Bergstrom takes Georgie and Nemser on a tour through the lab. Everywhere they go, scientists and ASSISTANTS are packing things into boxes, preparing to leave.

(walking and talking)
Here we were developing a drug to treat Alzheimer’s...This was a rat experiment for a novel Parkinson’s treatment...This was a comprehensive monkey trial of a new multiple sclerosis vaccine.

He opens a cage and a MONKEY grabs hold of him.

And this little fellow is named Mr. Gibbs. He’s been with us for nearly a decade, and he’s one of our favorite pals around here. He and I have become very, very close.
(to the monkey)
Say hi, Mr. Gibbs!

An ASSISTANT looks up from his desk a few feet away.

Mr. Gibbs died during an experiment yesterday. That’s Boris. Bergstrom doesn’t bat an eye.

Say hi, Boris!
A great change of pace in a pool of scrips that seem to be written by the same hand. If you're into stuff that's a different and are searching for a few laughs, check this one out.

[ ] What the hell did I just read?
[ ] barely kept my interest

[x] worth the read

[ ] impressive

[ ] genius

What I learned: Never forget the power of showing and not telling, especially when it involves a potentially melodramatic backstory revelation. We discussed this in Due Date already. But the ideal way is always to *show* instead of *tell*. Nemser's dad used to be a great reporter. But instead of Nemser disclosing this to another character, or another character disclosing it to him, we see Nemser sifting through some old black and white photos. And there's his dad, marching with Martin Luther King. That tells us everything we need to know about him. And we don't have to endure some cringe-worthy dialogue in the process.

Representation Week

So I'm doing something different next week. I want to give four writers a chance to get some exposure. The only catch is you have to have agency representation and not yet have sold a script. If you meet those requirements, send me your script, your agency, and a logline. I'll take the four most interesting loglines and review those scripts Monday-Thursday. If you don't want your script posted or you won't be able to take a potentially negative review, then you shouldn't participate. I know a lot of you unrepresented writers are crying foul here but there's a reason I'm only allowing represented writers. First, I don't want to be inundated with 10,000 e-mails. But more importantly, this is an exercise to review scripts from writers who *were* able to land representation, but have not yet been able to sell a script. What's the difference in quality between a represented and an unrepresented writer? What's the difference in quality between a represented writer and a represented writer with a sale? Is the difference merely a matter of luck? That's what I want to explore. Who knows? Maybe we'll find something great. Send the scripts to this e-mail: There is no guarantee your script will be chosen but you have my word that I will delete all scripts I don't use. Deal?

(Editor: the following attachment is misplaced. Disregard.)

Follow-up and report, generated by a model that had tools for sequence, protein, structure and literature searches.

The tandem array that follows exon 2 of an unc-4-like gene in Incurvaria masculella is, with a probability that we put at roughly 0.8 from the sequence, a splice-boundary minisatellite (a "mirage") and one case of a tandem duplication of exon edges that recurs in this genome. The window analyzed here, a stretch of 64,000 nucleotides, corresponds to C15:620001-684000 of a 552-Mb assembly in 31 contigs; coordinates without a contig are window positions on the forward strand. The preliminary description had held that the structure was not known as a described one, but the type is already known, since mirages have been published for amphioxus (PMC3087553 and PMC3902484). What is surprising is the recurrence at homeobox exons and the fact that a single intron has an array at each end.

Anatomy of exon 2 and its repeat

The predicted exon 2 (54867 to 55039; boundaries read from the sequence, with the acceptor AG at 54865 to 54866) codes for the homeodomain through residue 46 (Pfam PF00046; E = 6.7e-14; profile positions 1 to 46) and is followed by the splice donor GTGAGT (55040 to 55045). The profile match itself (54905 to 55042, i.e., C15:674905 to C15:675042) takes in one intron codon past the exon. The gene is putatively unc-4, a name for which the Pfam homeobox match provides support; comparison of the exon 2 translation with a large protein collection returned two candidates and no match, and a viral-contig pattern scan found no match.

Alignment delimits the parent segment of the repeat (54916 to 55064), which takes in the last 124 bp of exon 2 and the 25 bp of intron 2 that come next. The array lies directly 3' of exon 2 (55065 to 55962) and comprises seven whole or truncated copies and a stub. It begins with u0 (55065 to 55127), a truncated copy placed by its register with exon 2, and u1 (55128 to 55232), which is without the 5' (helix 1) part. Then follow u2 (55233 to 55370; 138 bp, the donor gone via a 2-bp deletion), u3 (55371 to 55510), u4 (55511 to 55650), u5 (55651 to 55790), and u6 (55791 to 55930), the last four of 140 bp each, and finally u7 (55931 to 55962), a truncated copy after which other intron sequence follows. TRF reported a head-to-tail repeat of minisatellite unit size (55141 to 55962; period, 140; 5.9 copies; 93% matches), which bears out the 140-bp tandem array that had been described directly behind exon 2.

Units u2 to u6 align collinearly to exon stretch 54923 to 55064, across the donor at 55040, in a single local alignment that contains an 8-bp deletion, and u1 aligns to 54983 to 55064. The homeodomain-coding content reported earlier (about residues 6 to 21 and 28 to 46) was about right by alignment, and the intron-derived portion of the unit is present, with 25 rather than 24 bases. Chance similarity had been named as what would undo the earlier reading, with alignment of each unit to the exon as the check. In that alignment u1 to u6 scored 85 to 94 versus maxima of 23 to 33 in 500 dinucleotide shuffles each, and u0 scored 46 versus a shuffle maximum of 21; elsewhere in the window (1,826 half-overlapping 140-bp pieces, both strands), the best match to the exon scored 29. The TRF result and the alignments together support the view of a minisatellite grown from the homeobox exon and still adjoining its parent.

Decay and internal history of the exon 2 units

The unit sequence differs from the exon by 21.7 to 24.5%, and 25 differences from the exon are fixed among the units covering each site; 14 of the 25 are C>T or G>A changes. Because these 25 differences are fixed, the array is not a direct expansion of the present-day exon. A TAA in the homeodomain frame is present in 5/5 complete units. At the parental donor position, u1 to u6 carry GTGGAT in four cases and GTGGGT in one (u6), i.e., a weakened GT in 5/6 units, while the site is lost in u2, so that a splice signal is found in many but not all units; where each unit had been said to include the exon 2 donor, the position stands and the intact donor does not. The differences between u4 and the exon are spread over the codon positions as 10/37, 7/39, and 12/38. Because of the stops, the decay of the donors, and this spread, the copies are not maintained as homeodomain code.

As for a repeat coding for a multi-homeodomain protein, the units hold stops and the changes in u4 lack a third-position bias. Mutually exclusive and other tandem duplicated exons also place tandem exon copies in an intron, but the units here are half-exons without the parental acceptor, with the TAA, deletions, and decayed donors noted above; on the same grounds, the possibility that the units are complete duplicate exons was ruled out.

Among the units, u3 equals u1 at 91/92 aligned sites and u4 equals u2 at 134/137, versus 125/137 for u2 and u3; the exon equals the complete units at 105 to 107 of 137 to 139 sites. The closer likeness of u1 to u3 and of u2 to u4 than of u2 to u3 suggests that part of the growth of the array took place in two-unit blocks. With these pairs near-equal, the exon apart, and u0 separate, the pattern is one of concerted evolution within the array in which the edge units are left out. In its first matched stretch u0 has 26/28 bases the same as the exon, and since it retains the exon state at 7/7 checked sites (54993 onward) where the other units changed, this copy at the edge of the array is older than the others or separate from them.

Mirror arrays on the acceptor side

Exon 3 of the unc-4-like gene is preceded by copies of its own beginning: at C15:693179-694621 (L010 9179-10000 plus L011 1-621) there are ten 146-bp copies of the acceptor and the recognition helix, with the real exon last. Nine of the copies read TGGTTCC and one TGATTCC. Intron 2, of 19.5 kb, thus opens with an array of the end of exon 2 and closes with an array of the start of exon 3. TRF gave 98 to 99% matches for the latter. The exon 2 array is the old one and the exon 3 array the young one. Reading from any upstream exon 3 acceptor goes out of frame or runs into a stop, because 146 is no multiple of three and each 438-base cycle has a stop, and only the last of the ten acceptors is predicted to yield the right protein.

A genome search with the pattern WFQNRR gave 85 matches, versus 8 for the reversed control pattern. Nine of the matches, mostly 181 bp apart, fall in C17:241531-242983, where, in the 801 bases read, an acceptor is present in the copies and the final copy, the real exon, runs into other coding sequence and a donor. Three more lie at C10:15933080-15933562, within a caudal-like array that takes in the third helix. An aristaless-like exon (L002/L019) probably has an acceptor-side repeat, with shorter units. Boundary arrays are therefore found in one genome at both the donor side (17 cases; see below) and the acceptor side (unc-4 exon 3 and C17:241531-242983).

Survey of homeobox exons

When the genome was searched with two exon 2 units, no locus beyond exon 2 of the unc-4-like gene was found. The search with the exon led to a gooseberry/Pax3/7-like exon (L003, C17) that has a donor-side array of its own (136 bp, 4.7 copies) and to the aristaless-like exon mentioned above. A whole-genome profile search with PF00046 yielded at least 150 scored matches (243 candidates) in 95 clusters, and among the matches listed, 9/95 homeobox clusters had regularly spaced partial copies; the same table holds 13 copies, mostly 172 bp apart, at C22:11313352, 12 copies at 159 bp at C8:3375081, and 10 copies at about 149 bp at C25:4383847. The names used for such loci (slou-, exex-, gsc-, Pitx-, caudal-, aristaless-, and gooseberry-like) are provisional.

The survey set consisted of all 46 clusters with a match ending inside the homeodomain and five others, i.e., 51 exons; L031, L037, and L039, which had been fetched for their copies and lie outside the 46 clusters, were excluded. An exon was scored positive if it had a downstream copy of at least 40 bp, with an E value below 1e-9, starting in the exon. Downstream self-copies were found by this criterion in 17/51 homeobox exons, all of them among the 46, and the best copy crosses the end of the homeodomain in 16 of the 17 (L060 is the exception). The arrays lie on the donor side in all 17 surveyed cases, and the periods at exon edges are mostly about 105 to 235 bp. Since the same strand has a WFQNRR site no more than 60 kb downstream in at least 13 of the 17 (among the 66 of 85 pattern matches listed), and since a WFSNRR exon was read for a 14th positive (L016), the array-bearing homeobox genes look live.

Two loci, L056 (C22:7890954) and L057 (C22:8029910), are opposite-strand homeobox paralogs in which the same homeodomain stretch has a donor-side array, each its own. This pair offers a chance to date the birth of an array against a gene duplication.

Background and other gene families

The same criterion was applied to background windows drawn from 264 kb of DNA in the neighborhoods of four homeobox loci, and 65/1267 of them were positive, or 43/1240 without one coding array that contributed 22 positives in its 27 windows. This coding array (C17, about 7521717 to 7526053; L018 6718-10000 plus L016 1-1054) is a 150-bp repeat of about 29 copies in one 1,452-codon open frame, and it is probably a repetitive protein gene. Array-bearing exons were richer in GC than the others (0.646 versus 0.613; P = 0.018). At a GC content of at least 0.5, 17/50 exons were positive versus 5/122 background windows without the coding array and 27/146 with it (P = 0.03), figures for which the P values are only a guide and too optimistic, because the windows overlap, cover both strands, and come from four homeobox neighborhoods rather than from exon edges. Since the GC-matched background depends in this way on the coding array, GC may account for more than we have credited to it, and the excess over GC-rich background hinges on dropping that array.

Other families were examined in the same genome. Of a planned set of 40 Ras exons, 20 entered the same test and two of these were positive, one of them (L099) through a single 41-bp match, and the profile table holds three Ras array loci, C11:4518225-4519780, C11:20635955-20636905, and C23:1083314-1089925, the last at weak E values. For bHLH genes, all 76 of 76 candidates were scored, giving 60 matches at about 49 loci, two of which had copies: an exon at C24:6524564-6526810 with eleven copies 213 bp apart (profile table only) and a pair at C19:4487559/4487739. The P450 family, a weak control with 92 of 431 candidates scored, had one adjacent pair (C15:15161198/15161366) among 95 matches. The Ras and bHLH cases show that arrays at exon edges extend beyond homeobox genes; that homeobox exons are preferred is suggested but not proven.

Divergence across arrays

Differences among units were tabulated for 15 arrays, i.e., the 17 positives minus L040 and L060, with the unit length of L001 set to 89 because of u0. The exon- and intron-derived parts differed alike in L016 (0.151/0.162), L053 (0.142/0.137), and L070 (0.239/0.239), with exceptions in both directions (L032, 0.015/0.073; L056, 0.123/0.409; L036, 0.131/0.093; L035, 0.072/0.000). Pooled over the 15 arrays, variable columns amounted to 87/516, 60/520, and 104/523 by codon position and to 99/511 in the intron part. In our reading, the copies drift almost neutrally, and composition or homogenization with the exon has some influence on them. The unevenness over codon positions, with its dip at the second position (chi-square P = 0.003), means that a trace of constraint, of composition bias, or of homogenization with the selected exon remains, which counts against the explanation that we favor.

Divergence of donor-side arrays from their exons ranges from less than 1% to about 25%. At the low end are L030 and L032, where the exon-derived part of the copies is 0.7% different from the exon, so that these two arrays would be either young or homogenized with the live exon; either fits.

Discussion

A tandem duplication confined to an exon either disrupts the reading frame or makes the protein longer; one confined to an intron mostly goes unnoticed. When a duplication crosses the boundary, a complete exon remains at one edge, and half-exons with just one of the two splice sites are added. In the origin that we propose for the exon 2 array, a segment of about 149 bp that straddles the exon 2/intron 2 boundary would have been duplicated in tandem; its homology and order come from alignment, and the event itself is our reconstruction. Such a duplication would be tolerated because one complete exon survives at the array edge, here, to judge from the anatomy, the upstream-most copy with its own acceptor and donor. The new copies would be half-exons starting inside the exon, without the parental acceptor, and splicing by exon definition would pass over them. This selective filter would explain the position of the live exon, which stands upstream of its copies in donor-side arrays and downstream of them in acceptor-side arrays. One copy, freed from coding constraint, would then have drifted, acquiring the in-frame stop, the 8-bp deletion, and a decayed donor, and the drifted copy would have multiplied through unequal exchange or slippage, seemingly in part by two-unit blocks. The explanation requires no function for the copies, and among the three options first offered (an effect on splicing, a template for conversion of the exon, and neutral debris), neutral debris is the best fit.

Okay, now let's make one of you guys a millionaire.

Edit: I've decided to allow Manager representation as well. Though the choices will be weighted to favor agency representation.

Accepting submissions until: Saturday, August 1st

Saturday, July 25, 2009

Prisoners sells for a boatload of money

"This sale was completely fucking unprofessional!"

Way back a few months ago, the spec script "Prisoners" by first-timer Aaron Guzikowski, made the Hollywood rounds and impressed a bunch of people. Wahlberg attached himself. Not long after that, Christian Bale came on as well. But before putting the script on the market, in order to sell it for the most amount of moola, they wanted to complete the trifecta and attach a director. Although they finally got Bryan Singer interested, for whatever reason, not everyone could agree on the direction of the project. So Bale and Whalberg deattached themselves and Prisoners went on the market sans any talent attached. It's still unclear to me if Singer stayed attached or not. But anyway, the script finally sold to Alcon Thursday for an undisclosed amount of money that is thought to be north of a million dollars. Take a trip down Scriptshadow memory lane when the script first hit the street.

Friday, July 24, 2009

Will there be an Inception review?

That's up to you.

I think it's time. I think we all agree it's time. Inception needs to be reviewed on Scriptshadow. I know this script is out there because they've already started shooting it (under a different name). My April Fools Day joke was convincing enough that I've literally received a thousand requests for the script. Some liked my made-up version so much they've even encouraged me to write it (I did think it was pretty cool if I do say so myself). With the most highly anticipated movie debuting its footage today at ComicCon, it seems only natural we get a review of the most coveted script in town.

Now here's my promise to you. You, person out there, who has the script. I will not post it. I promise you that. All I want to do is read and review it. So you can send it through your e-mail or an anonymous e-mail or whatever means necessary, if your'e scared. But just know that I'm not going to spread this out there. My inbox awaits you. Do the right thing. :)